On Cosmic-Ray Effects Associated With Magnetic
- James A. Van Allen
Published Online: 20 MAR 2013
Copyright 1993 American Geophysical Union.
Cosmic Rays, the Sun and Geomagnetism: The Works of Scott E. Forbush
How to Cite
Forbush, S. E. (1993) On Cosmic-Ray Effects Associated With Magnetic, in Cosmic Rays, the Sun and Geomagnetism: The Works of Scott E. Forbush (ed J. A. Van Allen), American Geophysical Union, Washington, D. C.. doi: 10.1029/SP037p0135
- Published Online: 20 MAR 2013
- Published Print: 1 JAN 1993
Print ISBN: 9780875908335
Online ISBN: 9781118667996
- Cosmis ray variations;
- Solar activity;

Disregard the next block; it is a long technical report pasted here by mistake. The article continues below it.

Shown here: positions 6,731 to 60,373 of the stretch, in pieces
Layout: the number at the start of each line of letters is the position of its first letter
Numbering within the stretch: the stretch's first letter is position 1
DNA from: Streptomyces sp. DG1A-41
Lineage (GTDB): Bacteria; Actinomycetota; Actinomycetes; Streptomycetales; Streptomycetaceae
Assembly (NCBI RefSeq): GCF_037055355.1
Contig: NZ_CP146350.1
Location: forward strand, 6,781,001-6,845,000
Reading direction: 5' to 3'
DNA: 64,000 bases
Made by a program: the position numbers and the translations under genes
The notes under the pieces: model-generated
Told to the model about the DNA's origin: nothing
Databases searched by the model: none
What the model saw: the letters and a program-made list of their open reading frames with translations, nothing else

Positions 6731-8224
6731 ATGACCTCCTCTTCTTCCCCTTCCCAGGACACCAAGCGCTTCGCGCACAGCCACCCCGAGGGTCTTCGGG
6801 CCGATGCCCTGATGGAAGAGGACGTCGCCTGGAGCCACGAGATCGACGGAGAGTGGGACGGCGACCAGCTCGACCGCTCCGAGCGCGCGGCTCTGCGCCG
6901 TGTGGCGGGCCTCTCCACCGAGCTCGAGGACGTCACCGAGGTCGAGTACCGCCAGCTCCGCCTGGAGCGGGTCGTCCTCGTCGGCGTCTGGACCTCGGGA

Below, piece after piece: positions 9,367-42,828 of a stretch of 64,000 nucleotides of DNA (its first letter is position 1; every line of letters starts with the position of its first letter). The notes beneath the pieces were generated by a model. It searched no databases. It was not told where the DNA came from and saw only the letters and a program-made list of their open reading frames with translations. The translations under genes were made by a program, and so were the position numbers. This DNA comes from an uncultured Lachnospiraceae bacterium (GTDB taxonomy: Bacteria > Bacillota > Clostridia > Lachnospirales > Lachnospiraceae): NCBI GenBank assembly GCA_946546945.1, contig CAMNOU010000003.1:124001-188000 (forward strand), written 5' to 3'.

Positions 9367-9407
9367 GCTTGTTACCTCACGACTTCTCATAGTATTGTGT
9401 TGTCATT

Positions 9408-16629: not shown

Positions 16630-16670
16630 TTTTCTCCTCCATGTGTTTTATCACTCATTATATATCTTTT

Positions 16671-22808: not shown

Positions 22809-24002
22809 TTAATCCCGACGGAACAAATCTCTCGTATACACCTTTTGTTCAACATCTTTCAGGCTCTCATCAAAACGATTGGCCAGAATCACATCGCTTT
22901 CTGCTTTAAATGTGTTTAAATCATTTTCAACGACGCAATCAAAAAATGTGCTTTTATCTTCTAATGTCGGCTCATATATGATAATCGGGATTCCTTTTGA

Evidence indicates that the storm-time field of some magnetic storms causes world-wide changes of several per cent in cosmic-ray intensity. That other magnetic storms of equal intensity at the Earth's surface occur with no appreciable cosmic-ray effects definitely indicates that the entire current-system for the storm-time field of both types of storms can not be located at the same distance above the Earth. In particular, the possibility that the current-systems responsible for the two types of storms both lie within the Earth's atmosphere appears remote. Assuming the current-system for the storm-time field of both types of storms to consist of a ring concentric with the Earth in the geomagnetic equatorial plane, magnetic data are analyzed to determine whether the radius of the assumed ring is, as would be expected, greater for magnetic storms which affect cosmic-ray intensity. Although the analysis is not conclusive on this point, the results satisfy a necessary condition for the existence of such a ring-current. The occurrence of aurora in temperate latitudes during most of the magnetic storms which affected cosmic-ray intensity is interpreted, after Störmer, to indicate the existence of such ring-currents. The percentage-changes in cosmic- ray intensity during magnetic storms is within the observational uncertainty the same at geomagnetic latitudes 50°.1 north and 0°.6 south. The significant correlation between changes in daily means of cosmic-ray intensity, for two stations separated 50deg; in latitude, probably results from the same mechanism responsible for the magnetic- storm effect.